Museveni also urged the forum to focus on who owns the natural resources on the continent.
“On issue of mineral resources, my question is who owns the minerals. With petroleum we have production sharing agreements (PSA) where the company which has exploration licences agrees with government to pay so much to regain what they invested and the rest is for government,” he said, adding that, it is not clear what the case is with other minerals including where companies own minerals but governments have loyalties.
“In Uganda, am not bothered with minerals because Uganda has been developing at a good rate depending on agriculture and industry. We discovered petroleum about 12 years ago but up to now we have not exploited it because I could not agree with those companies. They wanted to cheat us. I said no, the petroleum has been in the ground for the last many years it can stay there until we agree. That is because in my view, minerals should belong to the country,” he said.
Mineral rich Uganda
Museveni also emphasized locally based value addition for countries to fully exploit their natural resources for the benefit of their people.
“We have got huge reserves of iron ore in Uganda. Indians came and said they want to export soil to India and process it there. If they take as soil, they would pay $38 per tone. Our iron ore is 70% pure, one of the best in the world, only second to Peru. When steel prices are high instead of $38 per tone, you get$900. I said nobody will take an ounce of iron ore from Uganda until we agree.. up to now its still in the ground,” he said.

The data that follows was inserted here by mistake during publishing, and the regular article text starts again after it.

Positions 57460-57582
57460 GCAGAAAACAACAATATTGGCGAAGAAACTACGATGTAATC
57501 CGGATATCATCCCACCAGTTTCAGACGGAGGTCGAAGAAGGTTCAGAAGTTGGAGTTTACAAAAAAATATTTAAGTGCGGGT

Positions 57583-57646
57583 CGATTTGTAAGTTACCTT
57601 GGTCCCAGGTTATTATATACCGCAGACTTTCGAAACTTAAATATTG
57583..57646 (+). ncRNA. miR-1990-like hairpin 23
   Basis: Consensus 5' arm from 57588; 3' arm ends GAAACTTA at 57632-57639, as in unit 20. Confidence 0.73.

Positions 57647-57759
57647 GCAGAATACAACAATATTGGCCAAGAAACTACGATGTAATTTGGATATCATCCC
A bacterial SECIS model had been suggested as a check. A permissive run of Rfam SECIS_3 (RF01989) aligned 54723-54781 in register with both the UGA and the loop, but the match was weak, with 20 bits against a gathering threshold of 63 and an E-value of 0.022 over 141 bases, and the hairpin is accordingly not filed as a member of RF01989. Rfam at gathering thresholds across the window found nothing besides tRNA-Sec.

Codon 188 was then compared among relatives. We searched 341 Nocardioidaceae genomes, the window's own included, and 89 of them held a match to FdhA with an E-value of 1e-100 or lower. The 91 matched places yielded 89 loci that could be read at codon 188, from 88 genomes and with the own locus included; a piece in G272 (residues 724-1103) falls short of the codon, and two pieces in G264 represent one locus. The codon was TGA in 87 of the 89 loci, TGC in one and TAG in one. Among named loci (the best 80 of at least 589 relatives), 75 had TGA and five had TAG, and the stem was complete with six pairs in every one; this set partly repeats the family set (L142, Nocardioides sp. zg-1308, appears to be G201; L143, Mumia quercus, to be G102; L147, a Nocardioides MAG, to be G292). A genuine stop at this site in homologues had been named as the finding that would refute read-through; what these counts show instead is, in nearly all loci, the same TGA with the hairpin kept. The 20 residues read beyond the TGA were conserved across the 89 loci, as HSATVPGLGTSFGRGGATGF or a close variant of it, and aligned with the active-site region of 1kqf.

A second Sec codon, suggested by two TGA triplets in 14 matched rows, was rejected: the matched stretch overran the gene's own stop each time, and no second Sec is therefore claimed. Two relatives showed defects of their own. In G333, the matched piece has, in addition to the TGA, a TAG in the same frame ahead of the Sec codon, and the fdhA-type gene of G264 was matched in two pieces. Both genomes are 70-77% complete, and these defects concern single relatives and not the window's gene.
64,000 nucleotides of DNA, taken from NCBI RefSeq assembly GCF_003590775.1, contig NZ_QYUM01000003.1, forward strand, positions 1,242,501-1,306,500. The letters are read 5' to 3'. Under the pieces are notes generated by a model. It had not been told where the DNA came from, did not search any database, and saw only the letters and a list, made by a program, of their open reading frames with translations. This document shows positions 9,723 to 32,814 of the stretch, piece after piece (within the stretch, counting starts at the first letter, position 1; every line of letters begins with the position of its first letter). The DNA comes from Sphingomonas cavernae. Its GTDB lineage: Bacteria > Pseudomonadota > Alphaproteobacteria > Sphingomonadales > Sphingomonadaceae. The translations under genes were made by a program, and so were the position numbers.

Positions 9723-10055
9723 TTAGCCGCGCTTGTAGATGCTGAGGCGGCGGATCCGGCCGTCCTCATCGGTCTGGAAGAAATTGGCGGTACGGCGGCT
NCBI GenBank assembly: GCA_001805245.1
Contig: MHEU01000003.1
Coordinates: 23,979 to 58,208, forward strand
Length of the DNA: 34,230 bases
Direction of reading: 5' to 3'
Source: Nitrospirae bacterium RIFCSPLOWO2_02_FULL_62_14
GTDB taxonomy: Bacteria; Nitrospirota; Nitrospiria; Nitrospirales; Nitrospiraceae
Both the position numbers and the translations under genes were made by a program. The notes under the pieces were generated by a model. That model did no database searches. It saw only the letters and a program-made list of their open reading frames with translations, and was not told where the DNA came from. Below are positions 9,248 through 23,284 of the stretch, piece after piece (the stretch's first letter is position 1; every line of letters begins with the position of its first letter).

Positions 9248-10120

He revealed that the government agreed with the Chinese to process locally the lover version magnetite which they are using to produce steel.
On petroleum, Museveni said various companies tried to convince Uganda to export its petroleum from abroad and where discouraging the country from building an oil refinery saying it was not economically productive.
“I was told Uganda does not need a refinery because it was not productive and not economic that means those with refineries are Mother Theresas’ working for nothing. I went to Iran and asked how many refineries they have and they said they got 9 and building another 6. I said no refinery no oil. It is still in the ground until we agree,” he said.
What is TANA?
The Tana High-Level Forum on Security in Africa is an annual meeting that brings together African leaders and stakeholders to engage and explore African-led security solutions. Currently in its 6th edition the Forum is at the forefront of initiating dialogue with the continent’s policymakers and influencers.
The Forum complements formal meetings of African heads of state and government by assembling them in an informal, collaborative environment. In the spirit of gatherings taking place under the Baobab tree, the Forum offers room and space for panel discussions, interaction with the floor and bilateral talks to share views and experiences in a time efficient, results-oriented and open manner.
“Frank, relevant and candid dialogue is fundamental to resolving conflict and transforming societies,” explains TANA organisers.
The Tana Forum promotes African-led solutions by holding discussions on the strategic and pro-active management of African peace and security issues driven by the interest to contribute to stronger ownership of these issues.